Sustainability is also important for equality and social inclusion because it simply cannot be achieved if only a select few individuals reaped the benefits of it, it has to be an entire species effort from all social dimensions, which in turn works out in favour of female empowerment, education, equitable profit sharing for those from all nations and walks of life.

Image from Unsplash

In the end, living and designing sustainably can reduce costs and save money as efficiency and working with the environment, rather than against it, eliminates the high expenses of corrective measures. As difficult as change can seem, the benefits of sustainable design are endless, and they are so important for the future of our beautiful planet, so how do we commit to putting the environment first?

What do we do to bridge the gap between immersive experiential design and sustainability?

Clean energy and technology

Striving for authentic intention across the entire production process, we take responsibility for our immediate environment, the health and well-being of attendees, and the future of our great planet. Through the conservation of energy and using naturally sourced materials where possible, we aim to meet the needs of our clients without threatening the future of the planet.

Circular economy mindset

Waste is one of the biggest issues in our industry, so we are focused on a more circular economy mindset when approaching our work – reduce-reuse-recycle. We always start with the end-of-life question and aid our clients where we can, to make the most sustainable choice. At Imagineerium we see potential in materials that have previously been seen as useless, being creative with our designs to incorporate them and make them look ‘high end’, reusing all materials when and wherever possible. A good example of this is for our design of Frightmare, where we used anything and everything we could find on the farm to incorporate into the immersive experience.

We know that the circular mindset has to venture beyond the finished product and include the process as a whole, from transportation (including moving sets and people for the jobs), to the type of energy used to produce the designs and move through the fabrication stage.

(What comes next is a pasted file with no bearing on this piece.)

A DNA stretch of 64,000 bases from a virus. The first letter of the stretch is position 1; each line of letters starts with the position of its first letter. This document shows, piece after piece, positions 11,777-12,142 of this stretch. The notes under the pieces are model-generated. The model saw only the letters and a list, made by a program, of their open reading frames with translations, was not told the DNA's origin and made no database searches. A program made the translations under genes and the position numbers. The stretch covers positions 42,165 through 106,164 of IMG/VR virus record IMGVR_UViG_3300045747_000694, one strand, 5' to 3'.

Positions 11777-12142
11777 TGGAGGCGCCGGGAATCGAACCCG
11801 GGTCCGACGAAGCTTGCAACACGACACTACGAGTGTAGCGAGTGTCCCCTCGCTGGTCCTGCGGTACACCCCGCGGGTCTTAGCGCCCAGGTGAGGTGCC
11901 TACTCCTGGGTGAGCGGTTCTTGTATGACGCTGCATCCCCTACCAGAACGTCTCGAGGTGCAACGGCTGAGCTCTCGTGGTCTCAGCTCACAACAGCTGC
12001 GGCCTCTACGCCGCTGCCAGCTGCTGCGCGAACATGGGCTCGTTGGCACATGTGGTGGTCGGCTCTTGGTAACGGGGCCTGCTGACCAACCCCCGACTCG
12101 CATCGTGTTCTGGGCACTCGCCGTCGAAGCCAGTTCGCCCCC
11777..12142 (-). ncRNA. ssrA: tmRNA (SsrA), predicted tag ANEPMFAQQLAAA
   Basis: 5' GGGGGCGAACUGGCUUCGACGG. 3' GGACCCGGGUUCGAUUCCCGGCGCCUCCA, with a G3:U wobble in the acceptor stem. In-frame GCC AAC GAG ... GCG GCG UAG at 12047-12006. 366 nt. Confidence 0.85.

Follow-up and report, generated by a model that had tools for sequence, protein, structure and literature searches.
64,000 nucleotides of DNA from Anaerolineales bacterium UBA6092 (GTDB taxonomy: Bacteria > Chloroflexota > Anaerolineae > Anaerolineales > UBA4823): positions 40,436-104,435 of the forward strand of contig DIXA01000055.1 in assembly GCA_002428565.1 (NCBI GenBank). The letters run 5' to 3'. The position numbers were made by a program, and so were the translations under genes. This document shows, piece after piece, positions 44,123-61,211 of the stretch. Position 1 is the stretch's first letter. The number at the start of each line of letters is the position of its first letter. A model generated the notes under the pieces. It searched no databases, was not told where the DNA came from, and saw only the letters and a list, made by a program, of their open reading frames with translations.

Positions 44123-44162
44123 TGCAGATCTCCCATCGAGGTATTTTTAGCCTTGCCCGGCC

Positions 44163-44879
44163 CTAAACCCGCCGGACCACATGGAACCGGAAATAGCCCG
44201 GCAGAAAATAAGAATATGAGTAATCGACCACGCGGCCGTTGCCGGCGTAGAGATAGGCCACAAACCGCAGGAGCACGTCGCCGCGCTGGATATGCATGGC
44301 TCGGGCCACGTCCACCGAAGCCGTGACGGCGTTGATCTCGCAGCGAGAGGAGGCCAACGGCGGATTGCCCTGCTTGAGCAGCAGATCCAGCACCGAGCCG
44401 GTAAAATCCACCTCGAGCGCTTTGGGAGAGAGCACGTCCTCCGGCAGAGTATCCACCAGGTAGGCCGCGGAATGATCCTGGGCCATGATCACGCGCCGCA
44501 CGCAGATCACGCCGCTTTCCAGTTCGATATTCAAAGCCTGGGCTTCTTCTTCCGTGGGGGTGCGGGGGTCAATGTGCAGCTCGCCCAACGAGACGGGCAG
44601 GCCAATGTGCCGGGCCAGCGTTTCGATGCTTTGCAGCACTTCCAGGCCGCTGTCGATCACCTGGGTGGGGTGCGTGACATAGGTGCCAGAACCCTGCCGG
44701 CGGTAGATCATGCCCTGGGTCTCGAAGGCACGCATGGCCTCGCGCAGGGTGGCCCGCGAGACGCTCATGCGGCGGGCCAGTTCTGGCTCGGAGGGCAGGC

Monitoring our activities gives us insight into where we can make the most impact in creating sustainable designs. We are passionate about turning visions into reality and providing tangible assets, but are also dedicated to minimising the waste of materials, designs, and lowering our overall impact on the planet.

Design Reuse

An initiative that is becoming more and more beneficial to all types of companies and brands, with fixtures often created for external events becoming a staple in offices, headquarters or even featuring on socials and in virtual advertising on a frequent basis. At Imagineerium we highly promote the idea of reduce, reuse and recycle, designing unique, durable and sustainable creations that can be used in any eventuality for many years to come. For example, our concept and design for the Totem stage, on the Common at Glastonbury 2022 needed to revolve around a previous set as the brief was to reuse and repurpose the pieces to create something that looked completely new and different.

Design and build: Imagineerium

Immersive Technology as a Tool

Technology can be a great way to analyse how sustainable our methods are and can help us monitor all stages of the creative and fabrication process.

Immersive learning technologies are also a great way to keep people engaged, ensure the true essence of “immersive’ remains, and enable impactful messages to continue to be relayed for each audience member / participant.